Additionally, should existing space be too limited for a full mechanical, electrical and power buildout, telcos can utilize prefabricated power, cooling and, if necessary, IT, components. These modular building blocks enable a "build-as-you-go" approach that allows operators to easily and quickly add or remove power and cooling capacity, as well as IT space, as necessary throughout the lifecycle of their data center.

The decision to transform an existing telco business into one that also provides data center components isn't to be taken lightly, but it is a decision that will pay off. Consider this example:

Costs: a central office with enough space to construct a 24-rack environment that supports 5kW per rack, for a total load of 120kW. Assuming the need to build out infrastructure including generators, UPSs, AC, racks and security, a telco provider could expect construction costs to reach between $1-1.5 million.

Return on investment: a telco provider adopting a colocation data center model, in which the telco builds and provides the data center environment and rack space while individual customers are responsible for the purchase, installation and management of the IT equipment they put in, could look to rent each 5kW rack for between $1,500-2,000. In a 24-rack deployment, the telco cold realize a revenue of $400-600k per year, with the entire system paying for itself in less than 36 months.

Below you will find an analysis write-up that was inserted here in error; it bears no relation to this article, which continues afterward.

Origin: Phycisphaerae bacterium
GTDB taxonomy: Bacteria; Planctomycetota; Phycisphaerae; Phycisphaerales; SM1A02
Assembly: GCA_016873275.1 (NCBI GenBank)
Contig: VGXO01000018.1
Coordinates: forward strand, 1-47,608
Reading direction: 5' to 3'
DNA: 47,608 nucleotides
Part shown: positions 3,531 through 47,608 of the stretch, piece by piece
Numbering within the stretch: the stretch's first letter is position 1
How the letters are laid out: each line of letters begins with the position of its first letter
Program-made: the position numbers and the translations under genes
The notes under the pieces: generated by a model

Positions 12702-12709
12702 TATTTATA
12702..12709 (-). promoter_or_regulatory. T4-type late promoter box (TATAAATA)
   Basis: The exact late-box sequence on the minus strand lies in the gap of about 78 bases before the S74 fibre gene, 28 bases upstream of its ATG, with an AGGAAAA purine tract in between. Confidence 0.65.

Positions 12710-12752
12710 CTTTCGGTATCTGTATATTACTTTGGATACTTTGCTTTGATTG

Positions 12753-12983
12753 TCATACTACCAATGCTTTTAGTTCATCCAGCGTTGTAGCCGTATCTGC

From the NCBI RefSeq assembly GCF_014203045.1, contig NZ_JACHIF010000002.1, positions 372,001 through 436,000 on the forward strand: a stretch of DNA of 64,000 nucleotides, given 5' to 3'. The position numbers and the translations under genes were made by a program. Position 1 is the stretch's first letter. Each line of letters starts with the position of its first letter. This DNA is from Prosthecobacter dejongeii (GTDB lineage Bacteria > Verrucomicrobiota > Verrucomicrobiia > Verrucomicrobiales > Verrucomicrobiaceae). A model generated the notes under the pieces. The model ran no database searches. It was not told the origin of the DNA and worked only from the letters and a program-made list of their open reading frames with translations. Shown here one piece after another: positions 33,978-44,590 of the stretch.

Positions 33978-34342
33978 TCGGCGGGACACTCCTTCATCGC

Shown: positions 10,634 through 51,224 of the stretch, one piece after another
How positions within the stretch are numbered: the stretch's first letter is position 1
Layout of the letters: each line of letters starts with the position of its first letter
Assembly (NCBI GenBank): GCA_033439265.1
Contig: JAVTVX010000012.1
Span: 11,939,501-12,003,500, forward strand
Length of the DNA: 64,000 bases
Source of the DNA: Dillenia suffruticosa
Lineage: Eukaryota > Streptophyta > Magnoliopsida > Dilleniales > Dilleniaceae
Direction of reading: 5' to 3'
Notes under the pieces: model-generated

As telcos look to balance tightening finances with increasing demands on bandwidth and processing speed, new approaches will be necessary to open revenue streams and strengthen the digital strategy for businesses. Edge computing, which streamlines data transmission, decreases latency, and enhances the traditional telco revenue model will be a very compelling option.

— Mark Hurley, Data Center Solution Architect, Schneider Electric

About the Author(s)

Mark Hurley

Schneider Electric

Mark Hurley is a Data Center Solution Architect at Schneider Electric, responsible for bringing together the full suite of Schneider Electric products and services to provide right sized, cost effective, risk based, innovative data center solutions for our customers.  Mark has spent 30 years in the commercial real estate industry and has been involved in the MEP design, start up, commissioning and operation of commercial office buildings and enterprise data centers.

Prior to joining Schneider Electric, Mark was the SVP/Engineering Services Executive at Bank of America.  Mark was responsible for Engineering and Energy Services delivered to a 120 million square foot real estate portfolio.  This real estate portfolio consisted of 50 million square feet of Tier 1-3 mission critical facilities and a Tier 3/4 enterprise data center portfolio totaling over 82MW of UPS capacity.  Mark's responsibilities included; the management and operation of the global data center portfolio, supporting the development and execution of the data center strategy, reducing operational risk, reducing operational cost, establishing the critical facility design standards and, implementation of energy reduction strategies to meet the company's environmental and sustainability goals.